The themes of Shakespeare's plays are timeless, but one thing's for sure: the paperback covers ain't. So for its latest edition of Shakespeare paperbacks, Penguin imprint Pelican wanted to do something a little more modern. Something that didn't look like the bald-headed barb himself had just yanked it out of his ruff. So the company turned to 24-year-old Indian artist Manuja Waldia to adapt each play's central ideas and themes into a few minimalist, vector-based icons—which Waldia even animated.
Inspired by ancient symbol-based languages like hieroglyphics, as well as minimalist iconography popular on the net today, Waldia designed new covers for six plays so far. Her Macbeth cover shows one crown emptying blood into another; for Romeo and Juliet, two arrows sitting side by side, pierced by Cupid's Arrows; for King Lear, a bearded king weeping in the rain; for Midsummer Night's Dream, the side of a Grecian urn; for Twelfth Night, a shipwreck hanging above Viola disguised as Cesario; and for Hamlet, a crowned skull sitting on a tombstone.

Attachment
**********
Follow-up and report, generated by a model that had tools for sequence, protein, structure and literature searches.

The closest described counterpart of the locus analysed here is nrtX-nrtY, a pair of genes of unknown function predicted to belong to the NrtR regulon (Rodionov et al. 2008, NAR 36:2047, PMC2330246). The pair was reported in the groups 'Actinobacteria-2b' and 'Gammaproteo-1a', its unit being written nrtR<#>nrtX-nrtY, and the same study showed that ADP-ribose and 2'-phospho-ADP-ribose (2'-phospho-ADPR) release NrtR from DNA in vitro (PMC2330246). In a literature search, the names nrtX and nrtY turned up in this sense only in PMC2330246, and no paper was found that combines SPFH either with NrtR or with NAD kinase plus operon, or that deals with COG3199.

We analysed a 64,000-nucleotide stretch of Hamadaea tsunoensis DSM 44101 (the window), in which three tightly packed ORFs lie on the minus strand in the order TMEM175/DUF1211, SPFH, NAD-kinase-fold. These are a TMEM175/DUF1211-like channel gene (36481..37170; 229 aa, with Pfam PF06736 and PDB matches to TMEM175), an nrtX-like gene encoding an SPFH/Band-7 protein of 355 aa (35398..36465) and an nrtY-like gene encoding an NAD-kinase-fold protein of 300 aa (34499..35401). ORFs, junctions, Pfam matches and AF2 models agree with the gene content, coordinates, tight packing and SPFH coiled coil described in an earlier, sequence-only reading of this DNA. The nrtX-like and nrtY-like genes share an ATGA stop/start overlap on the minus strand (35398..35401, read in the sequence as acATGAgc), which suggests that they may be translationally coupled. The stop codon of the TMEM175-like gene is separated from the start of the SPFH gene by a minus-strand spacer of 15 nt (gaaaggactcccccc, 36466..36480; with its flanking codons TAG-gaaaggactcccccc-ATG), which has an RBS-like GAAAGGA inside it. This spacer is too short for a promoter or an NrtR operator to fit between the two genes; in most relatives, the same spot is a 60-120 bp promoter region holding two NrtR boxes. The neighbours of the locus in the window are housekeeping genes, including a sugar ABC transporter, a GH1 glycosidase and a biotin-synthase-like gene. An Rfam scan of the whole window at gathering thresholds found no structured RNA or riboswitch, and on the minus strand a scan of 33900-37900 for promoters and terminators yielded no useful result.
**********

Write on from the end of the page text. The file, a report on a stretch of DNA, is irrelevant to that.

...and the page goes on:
And that's just to start. Eventually, the plan is for Waldia to design covers for all 40 Shakespeare plays, with The Tempest, Othello, A Midsummer Night's Dream, Twelfth Night, Taming of the Shrew, and Julius Caesar coming next. "The neat thing about these covers is that it reminds people of modern environments—airport signage, the icons and imagery in their phones, modern web apps and neon signs," Waldia tells me. "Shakespeare's fan base is such a broad spectrum, it's challenging to strike a balance and still resonate with people with varying familiarity with the plays."
Now, thanks to Waldia, Pelican has a line of Shakespeare covers that should play just as well with young people as they do with Harold Bloom. Of course, once they open up the play and start reading? They're on their own.
All Images: courtesy Penguin